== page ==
The Metering Challenge
It is challenging to build a metering system that is scalable, accurate and cost-effective:
- Cost: Database writes at scale can be expensive.
- Accuracy: Metrics systems may not provide the needed accuracy due to sampling.
- Latency: Periodic batch processing in data warehouses can introduce latency.
Auditable data is classified as such when the loss of any data record is intolerable, and complete records retention is necessary. When utilizing an auditable dataset, it is expected to be comprehensive and complete. Examples of auditable data include transaction logs, replication logs, and billing/finance events.
Operational data, conversely, doesn't require strict completeness. To maintain manageable costs, sampling is often employed, and some degree of data loss is acceptable. Tools designed to manage operational data often prioritize efficiency, bypassing retries and costly guarantees of exactly once delivery. Examples of operational data include telemetry, metrics, and contextual data that describe each request and system component.
OpenMeter is designed to give auditable guarantees required for billing while keeping the scalability and real-time benefits typically only seen with operational data.
Learn more about Auditable or Operational data.
Monitoring systems are tailored to gather, process, and store operational data. However, these systems often lack the level of consistency crucial for auditable use cases like billing, where legally binding contracts necessitate accuracy and complete data.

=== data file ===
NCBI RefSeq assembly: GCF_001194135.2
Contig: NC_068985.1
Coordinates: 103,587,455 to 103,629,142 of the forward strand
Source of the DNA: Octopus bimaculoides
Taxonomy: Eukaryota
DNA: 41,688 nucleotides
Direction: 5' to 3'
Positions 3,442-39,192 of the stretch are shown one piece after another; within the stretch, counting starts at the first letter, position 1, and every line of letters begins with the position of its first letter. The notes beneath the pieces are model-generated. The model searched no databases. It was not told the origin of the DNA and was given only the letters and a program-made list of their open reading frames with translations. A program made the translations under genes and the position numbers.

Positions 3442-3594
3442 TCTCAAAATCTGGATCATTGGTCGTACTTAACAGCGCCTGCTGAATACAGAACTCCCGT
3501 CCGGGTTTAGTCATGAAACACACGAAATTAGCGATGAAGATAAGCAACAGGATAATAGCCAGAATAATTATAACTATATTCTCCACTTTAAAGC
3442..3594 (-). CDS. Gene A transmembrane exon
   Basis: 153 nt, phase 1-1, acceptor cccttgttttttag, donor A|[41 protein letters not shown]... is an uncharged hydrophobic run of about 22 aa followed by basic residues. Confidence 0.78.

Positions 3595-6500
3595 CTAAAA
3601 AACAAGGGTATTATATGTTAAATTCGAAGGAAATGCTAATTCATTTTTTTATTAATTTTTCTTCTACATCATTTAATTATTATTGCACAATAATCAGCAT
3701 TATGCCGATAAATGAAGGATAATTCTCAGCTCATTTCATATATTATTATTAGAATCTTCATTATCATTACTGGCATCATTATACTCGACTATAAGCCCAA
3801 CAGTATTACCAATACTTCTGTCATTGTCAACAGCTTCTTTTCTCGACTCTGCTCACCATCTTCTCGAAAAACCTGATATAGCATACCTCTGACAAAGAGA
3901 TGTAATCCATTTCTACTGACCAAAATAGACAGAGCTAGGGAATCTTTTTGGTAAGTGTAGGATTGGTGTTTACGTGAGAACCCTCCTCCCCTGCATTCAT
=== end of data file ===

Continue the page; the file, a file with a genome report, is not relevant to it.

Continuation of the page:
Metrics systems like Prometheus scale well for many timeseries data points but keeping cardinality low is advised, making it difficult to track individual user resource consumption on a large scale.
Scaling databases to accommodate write-intensive event ingestion and real-time queries can be costly. Not only you need to store every single record in the database, but also, you must scan through them for aggregation in your queries, driving up load and cost.
This is why OpenMeter uses stream processing to pre-aggregate usage data before storing it in a long-term database. As part of the data processing, we send usage events to a message queue first to avoid overwhelming the database and to protect against data loss in case of failures. The long-term aggregates are then stored in an OLAP database designed to store and query large volumes of analytics data efficiently.
Storing all records in a data warehouse and processing them in batches may be cost-effective, but it leads to outdated meters. Most companies run daily batch processing, resulting in stale data that is unsuitable for immediate-response product use cases, such as usage gating, customer dashboards, and billing thresholds.
Stale usage aggregation also means slower feedback loops around consumption, which can lead to unexpected charges and customer dissatisfaction.